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The purpose of the study is to evaluate the prevalence of rotator cuff tears in the shoulders of hemiplegic patients of different severity.
Rotator cuff tears are often suspected to contribute hemiplegic shoulder pain. However, it is controversial whether their incidence increases in hemiplegia. Based on the postulate that muscle weakness in hemiplegia predisposes rotator cuff injury due to biomechanical failure, this study aims to investigate whether the rotator cuff tears are associated with the muscle strength of the shoulder by observing hemiplegic shoulders of varying degree of paresis.
Observational Model: Case-Only, Time Perspective: Prospective
Seoul National University Hospital
Korea, Republic of
Seoul National University Hospital
Published on BioPortfolio: 2014-07-24T14:11:10-0400
The purpose of this project is to study the efficacy of triheptanoin oil in patients with Alternating Hemiplegia of Childhood (AHC) due to ATP1A3 gene mutation.
In hemiplegia quantitatively measurement of the asymmetry in the use of upper limbs could overcome the limitation of many outcome measures in which scores are dependent on the experience a...
This study aimed to compare the effects of kinesiotaping, neuromuscular electric stimulation (NMES), and neuromuscular training on pain, and motor activity and function in patients with up...
Hemiplegia occurs when the function of motor areas in the brain become impaired, predominantly unilaterally, during perinatal development. Children with hemiplegia show impairments in moto...
This is a comparative study where two protocols of intensive therapies will be applied to study the improvements in the functional performance of the affected upper limb of children with h...
Anosognosia for hemiplegia (AHP) after stroke is a complex cognitive behavioral disorder that removes awareness of one-sided paralysis (hemiplegia). As a result, stroke survivors afflicted with AHP ma...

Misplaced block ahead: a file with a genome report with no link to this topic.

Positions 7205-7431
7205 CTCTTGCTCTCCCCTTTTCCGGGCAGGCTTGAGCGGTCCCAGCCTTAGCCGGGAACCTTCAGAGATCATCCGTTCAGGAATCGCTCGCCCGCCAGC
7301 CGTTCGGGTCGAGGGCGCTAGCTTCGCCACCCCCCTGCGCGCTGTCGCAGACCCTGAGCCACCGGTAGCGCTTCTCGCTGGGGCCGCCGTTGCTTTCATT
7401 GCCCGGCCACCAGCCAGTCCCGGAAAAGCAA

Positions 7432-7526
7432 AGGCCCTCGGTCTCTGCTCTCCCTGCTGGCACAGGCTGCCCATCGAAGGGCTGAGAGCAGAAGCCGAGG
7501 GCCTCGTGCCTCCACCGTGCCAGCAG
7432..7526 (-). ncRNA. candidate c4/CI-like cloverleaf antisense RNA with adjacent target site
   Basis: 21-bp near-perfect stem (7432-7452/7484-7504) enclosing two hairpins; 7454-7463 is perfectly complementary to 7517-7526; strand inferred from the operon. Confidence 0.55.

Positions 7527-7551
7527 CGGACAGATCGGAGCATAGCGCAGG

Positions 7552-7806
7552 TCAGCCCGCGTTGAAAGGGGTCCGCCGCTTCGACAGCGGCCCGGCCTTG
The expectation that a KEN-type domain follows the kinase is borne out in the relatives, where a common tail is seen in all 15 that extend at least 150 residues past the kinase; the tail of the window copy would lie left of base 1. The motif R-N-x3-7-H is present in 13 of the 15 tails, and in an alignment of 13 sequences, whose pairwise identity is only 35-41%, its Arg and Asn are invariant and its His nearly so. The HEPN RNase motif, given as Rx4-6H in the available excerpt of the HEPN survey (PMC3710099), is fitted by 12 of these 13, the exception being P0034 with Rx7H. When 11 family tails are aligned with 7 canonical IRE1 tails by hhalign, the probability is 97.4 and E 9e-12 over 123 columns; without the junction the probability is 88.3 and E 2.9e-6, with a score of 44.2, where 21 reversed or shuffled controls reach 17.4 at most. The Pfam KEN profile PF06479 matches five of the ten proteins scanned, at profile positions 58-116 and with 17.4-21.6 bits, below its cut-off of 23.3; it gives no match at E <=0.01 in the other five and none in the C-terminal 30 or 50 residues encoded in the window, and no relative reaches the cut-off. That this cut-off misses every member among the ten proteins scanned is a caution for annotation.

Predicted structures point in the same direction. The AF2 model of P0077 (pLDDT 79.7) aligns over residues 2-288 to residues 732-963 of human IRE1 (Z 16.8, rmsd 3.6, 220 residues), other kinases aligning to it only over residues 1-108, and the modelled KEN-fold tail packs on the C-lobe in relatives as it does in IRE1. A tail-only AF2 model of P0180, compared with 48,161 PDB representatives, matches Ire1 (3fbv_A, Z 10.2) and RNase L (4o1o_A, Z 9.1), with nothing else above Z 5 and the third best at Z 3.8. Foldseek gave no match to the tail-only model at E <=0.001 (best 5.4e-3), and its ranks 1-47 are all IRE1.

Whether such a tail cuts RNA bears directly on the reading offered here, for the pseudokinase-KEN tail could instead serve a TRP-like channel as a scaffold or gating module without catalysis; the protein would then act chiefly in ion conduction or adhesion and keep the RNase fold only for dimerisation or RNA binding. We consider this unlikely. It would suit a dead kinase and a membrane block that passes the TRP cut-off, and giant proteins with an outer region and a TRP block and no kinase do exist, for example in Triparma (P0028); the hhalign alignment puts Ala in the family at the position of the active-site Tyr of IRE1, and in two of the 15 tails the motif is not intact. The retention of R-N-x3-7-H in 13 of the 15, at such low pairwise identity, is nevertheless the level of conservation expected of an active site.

To estimate the effectiveness of MOTOmed movement therapy in increasing mobility and activities of daily living in stroke patients with hemiplegia.
After the stroke, a number of changes occur in the neuromuscular system functions.
De novo mutations causing dysfunction of the ATP1A3 gene, which encodes the α3 subunit of Na/K-ATPase pump expressed in neurons, result in alternating hemiplegia of childhood (AHC). AHC manifests as ...
Severe or complete loss of motor function on one side of the body. This condition is usually caused by BRAIN DISEASES that are localized to the cerebral hemisphere opposite to the side of weakness. Less frequently, BRAIN STEM lesions; cervical SPINAL CORD DISEASES; PERIPHERAL NERVOUS SYSTEM DISEASES; and other conditions may manifest as hemiplegia. The term hemiparesis (see PARESIS) refers to mild to moderate weakness involving one side of the body.
Cortical malformations characterized by white matter-lined cleft or cyst associated with ISCHEMIA and hemorrhagic insults. Symptoms include delayed growth and development, HYPOTONIA; SEIZURES; SPASTIC HEMIPLEGIA and MACROCEPHALY; MICROCEPHALY; or HYDROCEPHALUS. Mutations in the genes encoding COLLAGEN TYPE IV are associated with familial types.
Benign and malignant intra-axial tumors of the MESENCEPHALON; PONS; or MEDULLA OBLONGATA of the BRAIN STEM. Primary and metastatic neoplasms may occur in this location. Clinical features include ATAXIA, cranial neuropathies (see CRANIAL NERVE DISEASES), NAUSEA, hemiparesis (see HEMIPLEGIA), and quadriparesis. Primary brain stem neoplasms are more frequent in children. Histologic subtypes include GLIOMA; HEMANGIOBLASTOMA; GANGLIOGLIOMA; and EPENDYMOMA.
A rare central nervous system demyelinating condition affecting children and young adults. Pathologic findings include a large, sharply defined, asymmetric focus of myelin destruction that may involve an entire lobe or cerebral hemisphere. The clinical course tends to be progressive and includes dementia, cortical blindness, cortical deafness, spastic hemiplegia, and pseudobulbar palsy. Concentric sclerosis of Balo is differentiated from diffuse cerebral sclerosis of Schilder by the pathologic finding of alternating bands of destruction and preservation of myelin in concentric rings. Alpers' Syndrome refers to a heterogeneous group of diseases that feature progressive cerebral deterioration and liver disease. (From Adams et al., Principles of Neurology, 6th ed, p914; Dev Neurosci 1991;13(4-5):267-73)
Pain is defined by the International Association for the Study of Pain as “an unpleasant sensory and emotional experience associated with actual or potential tissue damage or described in terms of such damage”. Some illnesses can be excruci...
Arthritis Fibromyalgia Gout Lupus Rheumatic Rheumatology is the medical specialty concerned with the diagnosis and management of disease involving joints, tendons, muscles, ligaments and associated structures (Oxford Medical Diction...